Some recipes don’t turn out quite as you predicted…
A Chocolate-Box Valentine
It’s your last love who truly matters.

Josie Riviera is a USA TODAY bestselling author of contemporary,
inspirational, and historical sweet romances that read like Hallmark movies. She lives in the Charlotte, NC, area with her wonderfully supportive husband. They share their home with an adorable shih tzu, who constantly needs grooming, and live in an old house forever needing renovations. You can connect with Josie through the following links:

WEBSITE (Sign up for her newsletter and receive a free ebook)

When You're Weary, Feeling Small ~ Jacquolyn McMurray

Have you ever had a particular song get stuck in your head? Ever had lyrics go into auto rewind and the accompanying music lull you into some form of reverie that cushions you from reality? 

That's where I'm at with Paul Simon's "Bridge Over Troubled Water." 

Do you remember the lines? When you're weary...feeling small?

Feeling Small 
I've experienced plenty of days when I needed a nap and felt like I wasn't big enough/experienced enough/wise enough to tackle the most mundane chores before me.  

And then a little miracle happens and someone calls, or texts, or posts something encouraging on facebook and I'm recharged and ready to tackle my most difficult tasks. 

And during these uncertain times, I'm fortunate to have a husband to keep me company while we self-isolate and lots of friends and family who cheer me on when I'm feeling down. 

Not everyone has what I have. Some live alone. Some struggle with a lack of social contacts. And these folks might not be the ones you think are struggling. 

There's plenty we can we do to bridge the troubled waters --pick up the phone and call or text someone you haven't talked to in a long while, post positive messages on social media, write a letter to someone who would love to hear from you, or post funny signs in your front yard (my husband's specialty).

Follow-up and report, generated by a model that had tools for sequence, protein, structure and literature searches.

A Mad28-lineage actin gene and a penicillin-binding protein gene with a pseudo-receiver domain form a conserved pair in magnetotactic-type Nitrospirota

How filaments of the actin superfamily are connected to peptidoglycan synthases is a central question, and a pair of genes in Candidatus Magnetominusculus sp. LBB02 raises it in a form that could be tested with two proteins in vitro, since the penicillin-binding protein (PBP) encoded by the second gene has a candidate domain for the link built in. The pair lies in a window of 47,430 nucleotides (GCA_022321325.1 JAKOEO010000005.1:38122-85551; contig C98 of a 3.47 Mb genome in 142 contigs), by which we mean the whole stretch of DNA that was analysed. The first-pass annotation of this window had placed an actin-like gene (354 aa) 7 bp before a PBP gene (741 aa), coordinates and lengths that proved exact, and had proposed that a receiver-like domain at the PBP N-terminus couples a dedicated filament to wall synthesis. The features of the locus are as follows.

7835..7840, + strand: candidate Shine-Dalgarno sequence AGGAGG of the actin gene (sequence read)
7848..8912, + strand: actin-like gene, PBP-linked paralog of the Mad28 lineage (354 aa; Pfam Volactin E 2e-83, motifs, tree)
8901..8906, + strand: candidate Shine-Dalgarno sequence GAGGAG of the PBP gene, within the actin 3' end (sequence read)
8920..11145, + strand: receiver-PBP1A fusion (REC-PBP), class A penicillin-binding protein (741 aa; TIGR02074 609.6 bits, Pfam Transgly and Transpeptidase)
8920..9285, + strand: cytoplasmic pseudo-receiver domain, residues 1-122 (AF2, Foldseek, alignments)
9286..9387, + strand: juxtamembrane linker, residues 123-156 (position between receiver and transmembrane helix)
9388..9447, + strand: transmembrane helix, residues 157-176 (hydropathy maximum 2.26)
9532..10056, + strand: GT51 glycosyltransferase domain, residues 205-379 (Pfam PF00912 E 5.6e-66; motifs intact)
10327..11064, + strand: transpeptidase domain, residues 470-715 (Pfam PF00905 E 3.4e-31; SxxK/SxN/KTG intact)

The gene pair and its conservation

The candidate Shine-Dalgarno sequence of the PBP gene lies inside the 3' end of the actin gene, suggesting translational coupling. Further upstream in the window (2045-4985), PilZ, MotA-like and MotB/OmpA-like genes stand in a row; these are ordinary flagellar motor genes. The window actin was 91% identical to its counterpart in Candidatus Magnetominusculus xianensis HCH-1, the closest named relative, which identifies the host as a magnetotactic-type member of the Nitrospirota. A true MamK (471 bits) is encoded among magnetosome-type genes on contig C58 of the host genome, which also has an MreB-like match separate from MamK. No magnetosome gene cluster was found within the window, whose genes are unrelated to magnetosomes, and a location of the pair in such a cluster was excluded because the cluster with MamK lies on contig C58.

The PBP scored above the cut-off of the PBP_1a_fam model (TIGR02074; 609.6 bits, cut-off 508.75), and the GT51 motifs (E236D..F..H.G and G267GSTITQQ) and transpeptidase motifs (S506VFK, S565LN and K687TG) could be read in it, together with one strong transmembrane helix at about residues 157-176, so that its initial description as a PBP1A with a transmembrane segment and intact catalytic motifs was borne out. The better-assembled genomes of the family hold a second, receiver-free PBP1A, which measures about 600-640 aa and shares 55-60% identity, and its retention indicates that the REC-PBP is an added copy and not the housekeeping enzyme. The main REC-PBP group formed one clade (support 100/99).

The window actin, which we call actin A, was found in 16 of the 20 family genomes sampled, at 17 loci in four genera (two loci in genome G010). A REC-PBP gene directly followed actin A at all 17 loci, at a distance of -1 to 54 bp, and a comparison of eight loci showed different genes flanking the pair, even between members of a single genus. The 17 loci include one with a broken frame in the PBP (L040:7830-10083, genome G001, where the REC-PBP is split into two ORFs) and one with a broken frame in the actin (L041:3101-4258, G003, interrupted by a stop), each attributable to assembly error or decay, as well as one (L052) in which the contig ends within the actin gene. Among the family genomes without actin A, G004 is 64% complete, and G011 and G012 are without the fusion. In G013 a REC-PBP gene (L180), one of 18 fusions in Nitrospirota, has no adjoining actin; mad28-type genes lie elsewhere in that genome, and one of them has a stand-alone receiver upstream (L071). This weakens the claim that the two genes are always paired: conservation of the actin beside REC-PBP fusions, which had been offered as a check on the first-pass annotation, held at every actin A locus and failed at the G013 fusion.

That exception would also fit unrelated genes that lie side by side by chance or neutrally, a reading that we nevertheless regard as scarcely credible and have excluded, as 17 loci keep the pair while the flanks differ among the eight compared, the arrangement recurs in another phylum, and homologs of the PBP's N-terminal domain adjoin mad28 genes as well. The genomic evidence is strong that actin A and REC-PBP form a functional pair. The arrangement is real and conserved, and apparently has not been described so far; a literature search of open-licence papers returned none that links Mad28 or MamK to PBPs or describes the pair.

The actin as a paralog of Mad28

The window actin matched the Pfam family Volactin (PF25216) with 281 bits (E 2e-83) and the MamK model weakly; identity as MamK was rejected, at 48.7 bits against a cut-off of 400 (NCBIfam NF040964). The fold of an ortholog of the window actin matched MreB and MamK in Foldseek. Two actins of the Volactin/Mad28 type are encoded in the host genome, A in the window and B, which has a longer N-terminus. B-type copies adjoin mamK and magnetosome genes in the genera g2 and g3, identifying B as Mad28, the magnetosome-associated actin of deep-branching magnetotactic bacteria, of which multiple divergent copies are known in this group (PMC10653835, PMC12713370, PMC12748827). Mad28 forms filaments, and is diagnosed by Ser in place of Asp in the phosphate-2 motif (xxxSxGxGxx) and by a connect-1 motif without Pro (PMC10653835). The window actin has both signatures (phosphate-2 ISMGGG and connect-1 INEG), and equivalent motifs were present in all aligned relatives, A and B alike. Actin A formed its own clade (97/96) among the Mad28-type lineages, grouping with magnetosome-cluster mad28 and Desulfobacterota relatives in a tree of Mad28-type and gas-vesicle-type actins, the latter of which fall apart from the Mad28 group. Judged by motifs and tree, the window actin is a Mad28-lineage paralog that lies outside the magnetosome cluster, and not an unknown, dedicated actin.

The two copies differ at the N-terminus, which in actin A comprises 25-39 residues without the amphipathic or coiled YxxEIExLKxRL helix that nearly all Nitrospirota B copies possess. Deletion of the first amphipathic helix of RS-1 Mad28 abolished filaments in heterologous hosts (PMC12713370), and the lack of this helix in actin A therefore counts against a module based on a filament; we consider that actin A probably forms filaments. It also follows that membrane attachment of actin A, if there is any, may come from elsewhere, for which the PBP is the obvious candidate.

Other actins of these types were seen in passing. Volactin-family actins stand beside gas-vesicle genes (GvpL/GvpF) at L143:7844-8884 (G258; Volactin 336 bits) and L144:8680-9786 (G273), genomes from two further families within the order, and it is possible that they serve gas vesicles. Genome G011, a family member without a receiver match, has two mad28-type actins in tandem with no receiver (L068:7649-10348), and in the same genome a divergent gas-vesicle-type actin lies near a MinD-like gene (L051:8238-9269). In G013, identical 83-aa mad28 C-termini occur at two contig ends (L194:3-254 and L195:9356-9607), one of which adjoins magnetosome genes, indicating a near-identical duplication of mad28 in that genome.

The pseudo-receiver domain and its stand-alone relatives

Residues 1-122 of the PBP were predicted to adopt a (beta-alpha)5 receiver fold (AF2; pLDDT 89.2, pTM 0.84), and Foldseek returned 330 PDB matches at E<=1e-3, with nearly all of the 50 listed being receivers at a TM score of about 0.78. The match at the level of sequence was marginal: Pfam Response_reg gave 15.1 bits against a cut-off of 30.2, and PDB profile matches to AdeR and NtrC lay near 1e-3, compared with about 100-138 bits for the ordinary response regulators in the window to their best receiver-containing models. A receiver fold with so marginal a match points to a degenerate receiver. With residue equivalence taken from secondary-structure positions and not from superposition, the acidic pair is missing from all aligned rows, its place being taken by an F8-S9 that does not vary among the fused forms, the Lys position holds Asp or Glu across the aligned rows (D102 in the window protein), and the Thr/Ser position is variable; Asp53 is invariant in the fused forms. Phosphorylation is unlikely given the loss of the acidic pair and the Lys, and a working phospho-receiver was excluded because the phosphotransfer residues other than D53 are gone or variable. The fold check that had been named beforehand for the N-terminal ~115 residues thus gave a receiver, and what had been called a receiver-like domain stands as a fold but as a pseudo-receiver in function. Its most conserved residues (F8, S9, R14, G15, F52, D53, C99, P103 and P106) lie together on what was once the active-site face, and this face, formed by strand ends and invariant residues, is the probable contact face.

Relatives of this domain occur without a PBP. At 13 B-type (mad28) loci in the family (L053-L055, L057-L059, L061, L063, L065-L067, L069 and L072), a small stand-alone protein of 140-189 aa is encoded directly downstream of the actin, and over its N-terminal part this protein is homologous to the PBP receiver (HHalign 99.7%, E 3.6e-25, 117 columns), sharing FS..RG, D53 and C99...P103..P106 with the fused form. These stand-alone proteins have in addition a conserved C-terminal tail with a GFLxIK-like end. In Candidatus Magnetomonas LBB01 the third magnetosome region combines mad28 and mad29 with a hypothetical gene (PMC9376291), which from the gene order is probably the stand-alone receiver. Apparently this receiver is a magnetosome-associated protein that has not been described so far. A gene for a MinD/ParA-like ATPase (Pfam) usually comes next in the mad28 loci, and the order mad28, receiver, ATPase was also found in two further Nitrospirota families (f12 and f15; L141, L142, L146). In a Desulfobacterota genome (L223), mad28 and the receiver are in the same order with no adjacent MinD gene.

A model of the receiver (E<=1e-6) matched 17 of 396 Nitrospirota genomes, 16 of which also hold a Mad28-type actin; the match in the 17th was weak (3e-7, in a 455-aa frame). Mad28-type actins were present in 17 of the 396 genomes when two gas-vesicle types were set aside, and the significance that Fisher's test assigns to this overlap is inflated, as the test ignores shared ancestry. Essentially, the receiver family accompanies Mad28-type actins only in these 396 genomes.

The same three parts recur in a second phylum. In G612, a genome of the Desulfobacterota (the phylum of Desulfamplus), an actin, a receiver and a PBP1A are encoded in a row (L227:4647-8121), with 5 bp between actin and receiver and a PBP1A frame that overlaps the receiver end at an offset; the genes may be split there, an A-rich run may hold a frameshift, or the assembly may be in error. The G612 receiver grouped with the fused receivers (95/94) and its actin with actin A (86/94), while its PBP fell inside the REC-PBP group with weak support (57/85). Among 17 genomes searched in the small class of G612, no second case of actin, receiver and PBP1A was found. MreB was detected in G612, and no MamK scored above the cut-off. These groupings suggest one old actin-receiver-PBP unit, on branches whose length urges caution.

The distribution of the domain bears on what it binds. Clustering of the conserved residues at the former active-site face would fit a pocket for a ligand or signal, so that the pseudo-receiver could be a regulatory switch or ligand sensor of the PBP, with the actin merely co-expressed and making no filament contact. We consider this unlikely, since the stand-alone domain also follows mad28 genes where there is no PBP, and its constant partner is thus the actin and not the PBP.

Lawn Decorations

I'm on your side, Paul Simon sings, when times get rough.

We're in this together, so let's practice hopeful, uplifting behaviors. 

Hope. It's the bridge over troubled waters. 

Life with Mazie~Part 4~by Joanne Jaytanie

Is anybody out there? 
It’s me, Mazie. 
It feels like years since we last chatted. I miss our conversations. I miss my classmates and visits from my Auntie Ruth. At this point, I’d even get in the Jeep and head over to visit my vet—Nah.

Since we’ve had to stay at home, I keep a close eye on Mom and Dad. We're watching Mom make my dinner. 

It’s my job to make sure they don’t get bored. I’m always up for a game of tug. Here’s my new, really cool toy and it’s my favorite. 
I could play tug for hours.

When my people get tired of playing with one toy, I bring them another, and we start a whole new game. 

The other day Mom put a pair of bunny ears on me, and I got to wish everyone a Happy Easter. It was lots of fun to hear from all the friendly people.

And I’ll tell you a secret—I didn’t mind the ears.  

Then she got carried away and put more stuff on me. 

She thought it was funny.

 But I got tired of sitting, so I started a new game...


Catch me if you can!

Guess Mom didn't think that game was very much fun, because she went into the house. 

I gotta go.
My favorite show is on.  
But don't you worry.
I'll be sure to catch up with you soon.
Until then ~ Smooches!
Luv, Mazie


  Foiled and hand-colored card   I continue to bring in cards to the food bank where I volunteer weekly. Since we are past Mother’s Day, I’v...